In support of its summary-judgment motion, Food Giant presented the deposition testimony of both Emma and Elijah. It also submitted the affidavit of the owner of Food Giant, John Virciglio, and photographs of the area in front of the supermarket taken from several angles. In response to Food Giant's motion, Emma and Elijah presented the affidavit of Dr. James Walters, a civil engineer.

Emma and Elijah both testified that the day of the fall was clear and sunny. Both testified that nothing obstructed Emma's view of the depression and drainage pipe. Emma candidly admitted that she was not "looking for anything like that" and that she does not normally look in front of her while walking. In fact, Emma said that "my husband get[s after] me all the time, I don't never look, I be just walking." Elijah also testified that the reason Emma did not see the depression was because she "wasn't paying attention."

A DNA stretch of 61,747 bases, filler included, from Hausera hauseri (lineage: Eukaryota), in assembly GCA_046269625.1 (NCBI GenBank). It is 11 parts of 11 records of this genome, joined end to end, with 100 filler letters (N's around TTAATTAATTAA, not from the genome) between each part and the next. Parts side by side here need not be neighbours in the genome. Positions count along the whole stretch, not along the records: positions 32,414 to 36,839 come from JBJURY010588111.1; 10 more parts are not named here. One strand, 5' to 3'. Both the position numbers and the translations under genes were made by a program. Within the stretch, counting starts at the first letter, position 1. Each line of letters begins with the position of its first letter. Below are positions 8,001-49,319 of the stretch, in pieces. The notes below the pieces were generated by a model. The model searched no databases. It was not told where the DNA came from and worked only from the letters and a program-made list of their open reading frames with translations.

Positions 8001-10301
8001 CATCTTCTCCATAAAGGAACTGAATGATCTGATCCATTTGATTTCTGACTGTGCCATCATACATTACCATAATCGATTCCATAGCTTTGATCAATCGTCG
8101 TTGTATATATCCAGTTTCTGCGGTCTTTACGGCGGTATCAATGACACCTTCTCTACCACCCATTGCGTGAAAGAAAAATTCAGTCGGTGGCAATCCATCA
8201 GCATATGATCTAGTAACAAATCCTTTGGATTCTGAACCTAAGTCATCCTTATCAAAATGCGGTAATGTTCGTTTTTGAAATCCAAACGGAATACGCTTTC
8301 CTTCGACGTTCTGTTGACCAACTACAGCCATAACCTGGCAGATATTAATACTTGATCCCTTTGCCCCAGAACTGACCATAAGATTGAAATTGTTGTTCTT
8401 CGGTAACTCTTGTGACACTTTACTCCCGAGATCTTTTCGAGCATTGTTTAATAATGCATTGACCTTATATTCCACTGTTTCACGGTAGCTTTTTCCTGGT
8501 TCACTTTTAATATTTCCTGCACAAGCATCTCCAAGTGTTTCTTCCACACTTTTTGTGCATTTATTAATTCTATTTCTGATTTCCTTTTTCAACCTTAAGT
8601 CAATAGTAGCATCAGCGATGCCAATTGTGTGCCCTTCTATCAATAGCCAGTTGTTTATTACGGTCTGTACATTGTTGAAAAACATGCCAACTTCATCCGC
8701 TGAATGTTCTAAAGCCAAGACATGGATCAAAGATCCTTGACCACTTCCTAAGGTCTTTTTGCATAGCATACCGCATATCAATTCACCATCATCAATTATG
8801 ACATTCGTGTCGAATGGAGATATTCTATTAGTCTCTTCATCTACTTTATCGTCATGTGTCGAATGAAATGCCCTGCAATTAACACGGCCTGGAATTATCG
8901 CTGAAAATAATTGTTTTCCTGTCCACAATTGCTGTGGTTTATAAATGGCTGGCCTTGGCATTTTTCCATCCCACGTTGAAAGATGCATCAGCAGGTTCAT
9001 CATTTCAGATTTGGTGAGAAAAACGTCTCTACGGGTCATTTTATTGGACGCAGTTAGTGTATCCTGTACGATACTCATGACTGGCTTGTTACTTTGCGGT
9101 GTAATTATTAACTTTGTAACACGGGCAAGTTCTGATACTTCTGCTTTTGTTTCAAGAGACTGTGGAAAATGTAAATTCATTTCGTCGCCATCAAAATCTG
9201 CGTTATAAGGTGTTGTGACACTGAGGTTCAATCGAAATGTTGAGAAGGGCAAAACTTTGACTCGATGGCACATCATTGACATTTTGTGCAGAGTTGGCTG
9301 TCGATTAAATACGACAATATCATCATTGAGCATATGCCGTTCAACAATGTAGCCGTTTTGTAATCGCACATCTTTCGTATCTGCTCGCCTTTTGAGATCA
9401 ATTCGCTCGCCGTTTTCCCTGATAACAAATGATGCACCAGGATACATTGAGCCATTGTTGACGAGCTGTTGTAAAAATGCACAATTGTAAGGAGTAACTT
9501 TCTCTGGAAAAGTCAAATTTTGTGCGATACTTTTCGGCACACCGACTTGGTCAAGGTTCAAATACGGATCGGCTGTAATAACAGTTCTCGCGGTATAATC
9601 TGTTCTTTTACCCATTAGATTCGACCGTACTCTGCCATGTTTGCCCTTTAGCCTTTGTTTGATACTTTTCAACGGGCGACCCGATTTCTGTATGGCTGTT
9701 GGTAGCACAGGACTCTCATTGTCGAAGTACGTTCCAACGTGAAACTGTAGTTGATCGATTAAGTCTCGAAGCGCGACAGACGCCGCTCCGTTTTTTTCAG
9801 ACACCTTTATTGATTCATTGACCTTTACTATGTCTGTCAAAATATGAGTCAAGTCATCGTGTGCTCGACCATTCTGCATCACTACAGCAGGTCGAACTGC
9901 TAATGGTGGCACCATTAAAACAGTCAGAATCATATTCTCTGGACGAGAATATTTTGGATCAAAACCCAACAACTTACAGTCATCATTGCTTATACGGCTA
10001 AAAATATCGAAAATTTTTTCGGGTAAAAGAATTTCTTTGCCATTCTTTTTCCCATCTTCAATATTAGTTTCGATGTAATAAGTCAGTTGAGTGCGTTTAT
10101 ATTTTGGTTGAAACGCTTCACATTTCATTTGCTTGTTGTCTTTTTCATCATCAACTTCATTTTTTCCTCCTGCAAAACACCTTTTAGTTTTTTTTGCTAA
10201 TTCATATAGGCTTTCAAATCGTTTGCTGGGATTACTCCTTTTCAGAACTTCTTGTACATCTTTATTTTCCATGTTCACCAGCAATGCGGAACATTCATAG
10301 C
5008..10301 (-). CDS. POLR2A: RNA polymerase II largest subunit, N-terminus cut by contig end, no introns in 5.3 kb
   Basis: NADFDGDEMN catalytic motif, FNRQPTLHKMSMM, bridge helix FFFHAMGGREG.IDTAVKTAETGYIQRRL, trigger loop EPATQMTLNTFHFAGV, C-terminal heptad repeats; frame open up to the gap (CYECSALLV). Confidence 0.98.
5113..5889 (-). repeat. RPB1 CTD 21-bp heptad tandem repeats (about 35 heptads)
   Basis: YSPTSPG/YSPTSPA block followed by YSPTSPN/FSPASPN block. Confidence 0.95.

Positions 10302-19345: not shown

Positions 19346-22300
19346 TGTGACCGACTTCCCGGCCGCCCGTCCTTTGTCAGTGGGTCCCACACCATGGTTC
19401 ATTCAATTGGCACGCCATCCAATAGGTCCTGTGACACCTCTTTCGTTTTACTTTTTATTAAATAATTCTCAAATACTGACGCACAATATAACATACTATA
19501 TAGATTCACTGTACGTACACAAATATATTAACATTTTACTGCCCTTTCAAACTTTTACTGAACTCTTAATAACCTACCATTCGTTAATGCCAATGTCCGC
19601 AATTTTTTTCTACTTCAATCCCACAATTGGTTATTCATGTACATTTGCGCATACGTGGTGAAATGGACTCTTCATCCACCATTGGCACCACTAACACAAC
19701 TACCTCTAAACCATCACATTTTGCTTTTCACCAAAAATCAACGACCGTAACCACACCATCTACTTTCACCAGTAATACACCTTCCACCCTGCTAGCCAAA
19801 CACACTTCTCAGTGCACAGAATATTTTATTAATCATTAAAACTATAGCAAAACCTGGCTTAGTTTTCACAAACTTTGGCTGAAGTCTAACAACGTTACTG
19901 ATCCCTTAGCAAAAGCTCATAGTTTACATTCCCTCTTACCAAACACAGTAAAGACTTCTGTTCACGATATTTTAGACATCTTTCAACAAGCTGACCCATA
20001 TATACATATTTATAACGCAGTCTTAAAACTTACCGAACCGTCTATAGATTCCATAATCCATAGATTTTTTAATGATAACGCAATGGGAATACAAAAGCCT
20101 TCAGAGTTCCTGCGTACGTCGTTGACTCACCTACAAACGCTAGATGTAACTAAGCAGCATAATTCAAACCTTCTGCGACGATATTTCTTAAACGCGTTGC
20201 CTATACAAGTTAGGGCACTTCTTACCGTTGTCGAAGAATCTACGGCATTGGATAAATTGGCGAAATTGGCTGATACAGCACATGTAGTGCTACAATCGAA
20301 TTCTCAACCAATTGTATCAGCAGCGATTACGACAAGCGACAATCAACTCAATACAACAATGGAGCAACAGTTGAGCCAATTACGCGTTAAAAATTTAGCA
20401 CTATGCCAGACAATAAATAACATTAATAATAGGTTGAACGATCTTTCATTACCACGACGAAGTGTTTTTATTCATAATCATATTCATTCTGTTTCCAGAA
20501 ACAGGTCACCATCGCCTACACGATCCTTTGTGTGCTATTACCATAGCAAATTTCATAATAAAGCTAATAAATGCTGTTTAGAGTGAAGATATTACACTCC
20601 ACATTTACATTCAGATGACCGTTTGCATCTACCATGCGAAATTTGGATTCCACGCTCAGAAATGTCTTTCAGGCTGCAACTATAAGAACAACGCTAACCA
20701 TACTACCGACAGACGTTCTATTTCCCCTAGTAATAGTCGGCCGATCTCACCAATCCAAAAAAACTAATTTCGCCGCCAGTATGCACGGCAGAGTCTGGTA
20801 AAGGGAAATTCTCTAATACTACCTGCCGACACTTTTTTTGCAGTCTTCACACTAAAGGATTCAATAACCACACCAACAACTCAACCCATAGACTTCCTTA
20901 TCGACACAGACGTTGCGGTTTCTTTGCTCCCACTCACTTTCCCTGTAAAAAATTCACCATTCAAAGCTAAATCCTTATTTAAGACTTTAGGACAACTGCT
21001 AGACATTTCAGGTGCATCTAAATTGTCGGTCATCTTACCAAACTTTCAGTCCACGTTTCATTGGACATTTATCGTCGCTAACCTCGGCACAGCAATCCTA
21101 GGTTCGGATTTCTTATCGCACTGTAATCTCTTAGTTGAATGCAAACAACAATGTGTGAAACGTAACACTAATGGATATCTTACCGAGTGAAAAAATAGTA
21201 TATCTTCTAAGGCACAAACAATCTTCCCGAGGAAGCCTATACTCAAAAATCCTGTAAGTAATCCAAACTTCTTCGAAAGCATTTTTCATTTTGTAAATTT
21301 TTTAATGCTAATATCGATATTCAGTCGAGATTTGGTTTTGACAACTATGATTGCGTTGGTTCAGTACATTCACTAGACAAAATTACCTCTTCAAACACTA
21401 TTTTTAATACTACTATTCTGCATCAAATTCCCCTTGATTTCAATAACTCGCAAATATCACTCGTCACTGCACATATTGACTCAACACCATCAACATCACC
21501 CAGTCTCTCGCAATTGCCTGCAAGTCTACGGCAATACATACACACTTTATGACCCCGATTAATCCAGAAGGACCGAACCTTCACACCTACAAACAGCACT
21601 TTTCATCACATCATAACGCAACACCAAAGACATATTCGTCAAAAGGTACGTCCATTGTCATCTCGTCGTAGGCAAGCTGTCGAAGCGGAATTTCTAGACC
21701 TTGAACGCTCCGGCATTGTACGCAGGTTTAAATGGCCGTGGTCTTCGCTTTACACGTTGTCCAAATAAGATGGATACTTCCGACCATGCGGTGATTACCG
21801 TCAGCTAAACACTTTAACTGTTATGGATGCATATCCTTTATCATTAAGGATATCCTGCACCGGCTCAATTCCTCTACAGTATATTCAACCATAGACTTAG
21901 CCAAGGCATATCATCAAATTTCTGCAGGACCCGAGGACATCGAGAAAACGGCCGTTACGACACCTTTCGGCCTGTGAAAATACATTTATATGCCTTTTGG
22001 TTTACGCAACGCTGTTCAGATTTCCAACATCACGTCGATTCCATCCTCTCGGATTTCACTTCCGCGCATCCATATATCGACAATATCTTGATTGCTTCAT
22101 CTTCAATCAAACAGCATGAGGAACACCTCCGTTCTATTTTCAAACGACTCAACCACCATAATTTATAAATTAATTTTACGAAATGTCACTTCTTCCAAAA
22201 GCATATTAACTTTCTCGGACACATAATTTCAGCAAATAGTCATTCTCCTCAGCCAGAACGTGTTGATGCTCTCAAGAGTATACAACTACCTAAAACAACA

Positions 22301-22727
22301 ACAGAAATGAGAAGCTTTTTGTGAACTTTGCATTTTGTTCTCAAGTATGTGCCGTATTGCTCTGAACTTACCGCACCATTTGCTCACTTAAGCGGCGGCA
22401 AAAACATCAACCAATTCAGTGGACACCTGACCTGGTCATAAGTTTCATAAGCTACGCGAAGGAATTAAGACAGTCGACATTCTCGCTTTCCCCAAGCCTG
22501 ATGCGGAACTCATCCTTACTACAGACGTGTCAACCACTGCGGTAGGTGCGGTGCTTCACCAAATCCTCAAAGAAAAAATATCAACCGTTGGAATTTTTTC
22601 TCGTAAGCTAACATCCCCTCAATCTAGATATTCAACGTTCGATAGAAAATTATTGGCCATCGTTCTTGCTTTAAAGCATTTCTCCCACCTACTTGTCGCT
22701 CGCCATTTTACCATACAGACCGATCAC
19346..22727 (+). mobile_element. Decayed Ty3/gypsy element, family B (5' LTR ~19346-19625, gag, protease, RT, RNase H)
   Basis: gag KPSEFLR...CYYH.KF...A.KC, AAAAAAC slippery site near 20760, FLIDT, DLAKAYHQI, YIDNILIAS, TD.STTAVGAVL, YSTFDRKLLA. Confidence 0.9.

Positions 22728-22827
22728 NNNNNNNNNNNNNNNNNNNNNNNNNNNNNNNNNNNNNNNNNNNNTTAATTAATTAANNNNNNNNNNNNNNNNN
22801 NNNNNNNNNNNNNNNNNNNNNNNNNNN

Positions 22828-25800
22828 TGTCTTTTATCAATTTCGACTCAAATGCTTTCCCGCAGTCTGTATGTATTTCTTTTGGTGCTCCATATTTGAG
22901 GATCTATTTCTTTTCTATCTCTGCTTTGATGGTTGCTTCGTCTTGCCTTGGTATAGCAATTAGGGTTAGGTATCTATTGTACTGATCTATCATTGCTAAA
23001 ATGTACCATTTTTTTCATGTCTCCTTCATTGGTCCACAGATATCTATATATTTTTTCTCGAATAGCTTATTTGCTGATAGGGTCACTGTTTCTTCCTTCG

The photographs1 accompanying Food Giant's motion show that the light gray concrete sidewalk that runs along the front of the supermarket is formed by two different concrete pads that run parallel to one another. The front curb of the sidewalk, which is parallel to the front of the building, is marked with yellow paint. At the end of the right side of the building, both concrete pads slope to a black asphalt parking lot. One concrete pad ends approximately one and one-half feet from the end of the other concrete pad. At the end of the shorter of the two concrete pads, there is a small grassy area, apparently not covered by asphalt. At the end of the longer concrete pad, the grassy area becomes an area of red dirt located between two areas of asphalt that make up the parking lot. The parties refer to this area as a "ditch" or depression. The red-dirt depression contrasts sharply with the black asphalt. A metal pipe runs approximately one-third to one-half the length of the depression.